Nanaimo firefighters were called to Long Lake after a report of people walking on the lake’s frozen surface the afternoon of Sunday, Jan. 9. Firefighters could see people walking on the far side of the lake but weren’t able to locate them after driving over there. (Greg Sakaki/News Bulletin)

Nanaimo firefighters were called to Long Lake after a report of people walking on the lake’s frozen surface the afternoon of Sunday, Jan. 9. Firefighters could see people walking on the far side of the lake but weren’t able to locate them after driving over there. (Greg Sakaki/News Bulletin)

Firefighters called after people spotted walking on the ice on Long Lake in Nanaimo

Fire department warns against walking or skating on Nanaimo’s frozen lakes

Nanaimo Fire Rescue and the City of Nanaimo are warning people not to walk out on the frozen surfaces of local lakes.

Firefighters were called out the afternoon of Sunday, Jan. 9, after people were spotted walking on the ice covering Long Lake.

Nanaimo Fire Rescue said so far this winter, no one has fallen through ice, but added that conditions for walking out on the frozen surfaces on lakes are unsafe.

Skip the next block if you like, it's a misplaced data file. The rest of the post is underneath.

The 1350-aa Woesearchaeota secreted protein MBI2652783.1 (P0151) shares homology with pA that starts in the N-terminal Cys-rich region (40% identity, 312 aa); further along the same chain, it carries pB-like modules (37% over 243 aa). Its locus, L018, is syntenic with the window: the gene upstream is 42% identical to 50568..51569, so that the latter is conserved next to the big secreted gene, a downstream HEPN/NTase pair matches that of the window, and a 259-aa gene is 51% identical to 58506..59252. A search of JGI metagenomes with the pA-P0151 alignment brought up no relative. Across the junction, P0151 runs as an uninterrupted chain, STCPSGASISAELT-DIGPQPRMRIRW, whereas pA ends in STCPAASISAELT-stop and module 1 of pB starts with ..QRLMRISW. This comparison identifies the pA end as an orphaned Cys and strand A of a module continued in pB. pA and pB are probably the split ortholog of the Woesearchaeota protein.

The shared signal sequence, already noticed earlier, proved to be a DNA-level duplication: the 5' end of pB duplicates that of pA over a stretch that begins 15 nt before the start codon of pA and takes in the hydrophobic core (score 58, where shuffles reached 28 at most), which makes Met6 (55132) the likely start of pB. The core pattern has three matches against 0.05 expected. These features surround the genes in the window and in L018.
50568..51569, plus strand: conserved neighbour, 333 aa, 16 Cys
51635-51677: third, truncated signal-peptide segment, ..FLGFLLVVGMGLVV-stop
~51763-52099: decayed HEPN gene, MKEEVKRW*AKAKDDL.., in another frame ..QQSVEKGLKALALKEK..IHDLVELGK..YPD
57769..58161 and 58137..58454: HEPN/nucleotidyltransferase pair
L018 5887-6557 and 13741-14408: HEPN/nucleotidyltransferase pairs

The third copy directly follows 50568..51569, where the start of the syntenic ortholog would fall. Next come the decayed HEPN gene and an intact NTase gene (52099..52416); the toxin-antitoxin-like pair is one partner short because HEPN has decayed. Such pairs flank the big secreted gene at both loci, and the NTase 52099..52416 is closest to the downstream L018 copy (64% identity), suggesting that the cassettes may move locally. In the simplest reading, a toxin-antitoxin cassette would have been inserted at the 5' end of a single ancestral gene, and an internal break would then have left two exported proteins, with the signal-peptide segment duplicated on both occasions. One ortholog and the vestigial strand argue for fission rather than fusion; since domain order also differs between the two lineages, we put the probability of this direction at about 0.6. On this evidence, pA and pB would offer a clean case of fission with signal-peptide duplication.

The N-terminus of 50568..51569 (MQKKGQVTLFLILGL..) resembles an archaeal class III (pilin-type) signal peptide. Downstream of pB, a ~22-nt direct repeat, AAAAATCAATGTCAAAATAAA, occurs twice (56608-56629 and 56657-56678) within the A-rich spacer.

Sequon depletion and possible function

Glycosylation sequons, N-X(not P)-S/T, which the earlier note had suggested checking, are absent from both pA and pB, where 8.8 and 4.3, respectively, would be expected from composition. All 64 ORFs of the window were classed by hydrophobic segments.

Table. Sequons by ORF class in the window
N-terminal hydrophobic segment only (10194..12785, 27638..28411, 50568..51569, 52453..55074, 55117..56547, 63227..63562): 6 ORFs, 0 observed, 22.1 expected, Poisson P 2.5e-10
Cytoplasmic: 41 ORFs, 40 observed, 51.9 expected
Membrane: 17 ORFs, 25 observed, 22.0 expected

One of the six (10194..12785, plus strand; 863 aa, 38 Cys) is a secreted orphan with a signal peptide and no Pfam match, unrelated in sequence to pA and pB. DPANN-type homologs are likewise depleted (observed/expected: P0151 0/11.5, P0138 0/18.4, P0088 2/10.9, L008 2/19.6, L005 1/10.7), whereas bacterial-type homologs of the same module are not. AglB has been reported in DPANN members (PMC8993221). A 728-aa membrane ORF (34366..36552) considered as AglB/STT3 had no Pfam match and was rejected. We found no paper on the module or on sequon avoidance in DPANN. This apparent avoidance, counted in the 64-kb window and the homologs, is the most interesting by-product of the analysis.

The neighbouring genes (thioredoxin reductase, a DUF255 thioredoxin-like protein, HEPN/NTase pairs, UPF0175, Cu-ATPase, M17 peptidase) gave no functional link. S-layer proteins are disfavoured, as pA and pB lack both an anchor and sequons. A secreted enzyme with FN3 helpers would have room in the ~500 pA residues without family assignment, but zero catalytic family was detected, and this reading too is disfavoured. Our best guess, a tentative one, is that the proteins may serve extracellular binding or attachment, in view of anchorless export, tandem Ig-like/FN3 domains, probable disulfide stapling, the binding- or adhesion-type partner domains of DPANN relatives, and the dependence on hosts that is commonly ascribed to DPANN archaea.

“We’ve had just the one incident so far that’s been reported to us,” said Stu Kenning, Nanaimo Fire Rescue assistant chief operations. “It was sort of a non-event. They were off the ice before [firefighters] got there and … we couldn’t even track them down.”

Kenning said the message from the fire department and the city is don’t go on the ice.

“Don’t walk or skate on the ice,” he said. “We don’t check it. We don’t know how thick it is and the thickness changes in different places.”

Signs warning about the dangers of attempting to walk on ice are posted at city parks.

Kenning said in past years, most calls involving mishaps on ice have involved pets, especially those that have set out across frozen lake after ducks or geese.

READ ALSO: Last month was one of the coldest Decembers on record in Nanaimo

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